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Conflict, high prices, and flooding remain key drivers of acute food insecurity in Sudan

  • Key Message Update
  • Sudan
  • September 2022
Conflict, high prices, and flooding remain key drivers of acute food insecurity in Sudan

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  • Key Messages
  • Key Messages
    • In September, typically the peak of the lean season, humanitarian food assistance needs remain high driven by displacement, above-average staple food prices, and low household purchasing power, particularly in areas impacted by flooding and recent inter-communal clashes. In particular, Crisis (IPC Phase 3) or worse outcomes are likely to be high among households recently displaced  by intercommunal clashes in the Blue Nile, parts of Darfur, parts of Kordofan, Kassala, and Abyei PCA, and the flood-affected households and urban poor families 

    • In August and September, heavy rains resulted in flash floods and widespread flooding in many areas in Sudan. According to UN OCHA, as of September 24, around 348,700 people have been reported to be affected by heavy rainfall and flooding across Sudan, with over 73,100 homes damaged or destroyed and around 4,800 livestock killed or lost since July. According to field reports, an estimated 240,000 feddan (approximately 100,000 hectares) of cropland have been flooded, which is likely to negatively impact the upcoming harvest. The states with the highest number of people affected by flooding include South Darfur, Gedaref, Central Darfur, White Nile, and Kassala.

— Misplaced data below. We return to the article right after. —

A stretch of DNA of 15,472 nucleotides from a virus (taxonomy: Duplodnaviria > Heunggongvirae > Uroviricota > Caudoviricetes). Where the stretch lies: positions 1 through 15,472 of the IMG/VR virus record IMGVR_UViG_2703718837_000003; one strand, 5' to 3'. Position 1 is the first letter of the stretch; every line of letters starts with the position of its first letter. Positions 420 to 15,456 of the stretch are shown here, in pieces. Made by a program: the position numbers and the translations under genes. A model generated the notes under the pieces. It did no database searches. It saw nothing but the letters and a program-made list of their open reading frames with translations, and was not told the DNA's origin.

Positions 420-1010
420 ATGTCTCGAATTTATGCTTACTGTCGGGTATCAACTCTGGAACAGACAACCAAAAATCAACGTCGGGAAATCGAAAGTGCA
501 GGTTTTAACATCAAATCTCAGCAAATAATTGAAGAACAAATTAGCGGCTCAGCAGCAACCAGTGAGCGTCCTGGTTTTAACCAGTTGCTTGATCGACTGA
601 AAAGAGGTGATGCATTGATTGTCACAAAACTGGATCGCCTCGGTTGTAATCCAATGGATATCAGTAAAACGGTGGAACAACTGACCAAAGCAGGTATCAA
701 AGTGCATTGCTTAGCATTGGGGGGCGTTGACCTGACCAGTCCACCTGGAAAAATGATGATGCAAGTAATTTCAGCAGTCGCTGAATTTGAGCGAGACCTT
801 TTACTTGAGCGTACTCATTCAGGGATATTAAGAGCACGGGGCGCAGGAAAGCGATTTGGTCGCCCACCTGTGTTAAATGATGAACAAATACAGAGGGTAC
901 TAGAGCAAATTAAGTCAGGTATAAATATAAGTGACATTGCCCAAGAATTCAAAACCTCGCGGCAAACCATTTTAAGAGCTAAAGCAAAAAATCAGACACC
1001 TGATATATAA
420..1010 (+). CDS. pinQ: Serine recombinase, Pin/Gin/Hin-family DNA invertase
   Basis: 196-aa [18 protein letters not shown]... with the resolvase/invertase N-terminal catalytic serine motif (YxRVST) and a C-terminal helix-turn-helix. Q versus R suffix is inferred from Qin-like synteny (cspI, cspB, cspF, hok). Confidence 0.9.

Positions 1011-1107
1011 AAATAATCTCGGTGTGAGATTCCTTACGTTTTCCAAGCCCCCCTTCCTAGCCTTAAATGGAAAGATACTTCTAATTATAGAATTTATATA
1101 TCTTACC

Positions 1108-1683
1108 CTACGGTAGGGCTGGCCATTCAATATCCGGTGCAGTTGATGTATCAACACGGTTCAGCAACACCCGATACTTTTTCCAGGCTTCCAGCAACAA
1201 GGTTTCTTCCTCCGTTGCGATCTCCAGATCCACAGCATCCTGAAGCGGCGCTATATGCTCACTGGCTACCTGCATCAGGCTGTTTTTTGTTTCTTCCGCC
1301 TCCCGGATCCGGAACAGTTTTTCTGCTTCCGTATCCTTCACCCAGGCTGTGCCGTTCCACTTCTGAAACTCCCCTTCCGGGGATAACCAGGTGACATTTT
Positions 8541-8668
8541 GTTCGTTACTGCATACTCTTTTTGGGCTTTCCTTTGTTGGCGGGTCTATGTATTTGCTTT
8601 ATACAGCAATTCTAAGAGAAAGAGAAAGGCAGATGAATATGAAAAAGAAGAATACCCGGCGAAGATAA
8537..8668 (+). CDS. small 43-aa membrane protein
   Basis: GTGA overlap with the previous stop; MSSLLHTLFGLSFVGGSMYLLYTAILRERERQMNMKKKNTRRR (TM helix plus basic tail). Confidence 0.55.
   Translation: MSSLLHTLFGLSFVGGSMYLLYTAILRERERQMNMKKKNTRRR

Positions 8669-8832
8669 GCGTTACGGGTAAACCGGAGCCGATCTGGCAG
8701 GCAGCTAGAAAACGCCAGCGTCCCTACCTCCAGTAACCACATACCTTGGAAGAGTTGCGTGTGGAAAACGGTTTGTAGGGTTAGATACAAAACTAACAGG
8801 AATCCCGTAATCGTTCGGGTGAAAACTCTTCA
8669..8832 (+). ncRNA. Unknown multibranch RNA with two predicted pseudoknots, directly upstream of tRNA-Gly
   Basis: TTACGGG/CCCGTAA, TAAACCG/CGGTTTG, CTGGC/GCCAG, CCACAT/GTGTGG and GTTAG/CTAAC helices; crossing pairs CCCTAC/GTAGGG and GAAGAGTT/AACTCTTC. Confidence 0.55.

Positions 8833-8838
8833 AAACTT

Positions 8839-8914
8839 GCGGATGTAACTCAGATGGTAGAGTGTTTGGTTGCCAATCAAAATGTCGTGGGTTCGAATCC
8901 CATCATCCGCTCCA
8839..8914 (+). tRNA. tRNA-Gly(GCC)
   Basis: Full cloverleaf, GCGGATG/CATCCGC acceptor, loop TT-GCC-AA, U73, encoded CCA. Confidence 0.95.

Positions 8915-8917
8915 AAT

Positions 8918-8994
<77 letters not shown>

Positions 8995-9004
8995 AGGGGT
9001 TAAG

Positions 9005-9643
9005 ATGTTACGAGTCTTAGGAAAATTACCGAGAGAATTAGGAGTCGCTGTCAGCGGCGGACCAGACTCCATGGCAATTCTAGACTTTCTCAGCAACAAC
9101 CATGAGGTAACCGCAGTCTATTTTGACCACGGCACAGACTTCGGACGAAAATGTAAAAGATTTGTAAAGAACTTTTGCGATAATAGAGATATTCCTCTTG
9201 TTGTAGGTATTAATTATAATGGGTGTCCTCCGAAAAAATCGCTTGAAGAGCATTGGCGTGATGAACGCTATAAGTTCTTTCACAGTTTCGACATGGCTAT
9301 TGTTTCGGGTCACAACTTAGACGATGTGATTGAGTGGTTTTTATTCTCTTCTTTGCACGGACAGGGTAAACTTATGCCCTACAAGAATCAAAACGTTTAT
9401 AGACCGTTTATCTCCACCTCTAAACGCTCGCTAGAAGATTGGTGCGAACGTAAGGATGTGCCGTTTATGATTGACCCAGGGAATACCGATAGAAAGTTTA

• The macroeconomic situation has continued to deteriorate in Sudan due to longstanding insecurity, political instability, persistent low foreign currency reserves, high inflation rates, and the depreciation of the SDG. In September, the SDG/USD exchange rate at commercial banks and the parallel market is trading at 569-572 SDG/USD compared to 443-448 SDG/USD in August 2021. In September, the government raised taxes on agricultural products, port fees, industry, and trade by 100 to 500 percent, resulting in strikes across Sudan as the high and increasing transportation costs and food prices, in addition to increased taxes, further constrain household purchasing power. 

    • From August to September 2022, staple food prices increased by 5 to 10 percent across most markets due to seasonally reduced market supplies, increased demand for local consumption, and high transportation costs. In late September, staple food prices remain 250-300 percent above respective prices last year and 550-700 percent above the five-year average. Sorghum and millet prices are anticipated to begin seasonally decreasing with the start of the likely below-average harvest in October 2022 but remain approximately five to six times above their five-year average across most markets through the post-harvest period in March 2023. 

    This Key Message Update provides a high-level analysis of current acute food insecurity conditions and any changes to FEWS NET's latest projection of acute food insecurity outcomes in the specified geography. Learn more here.

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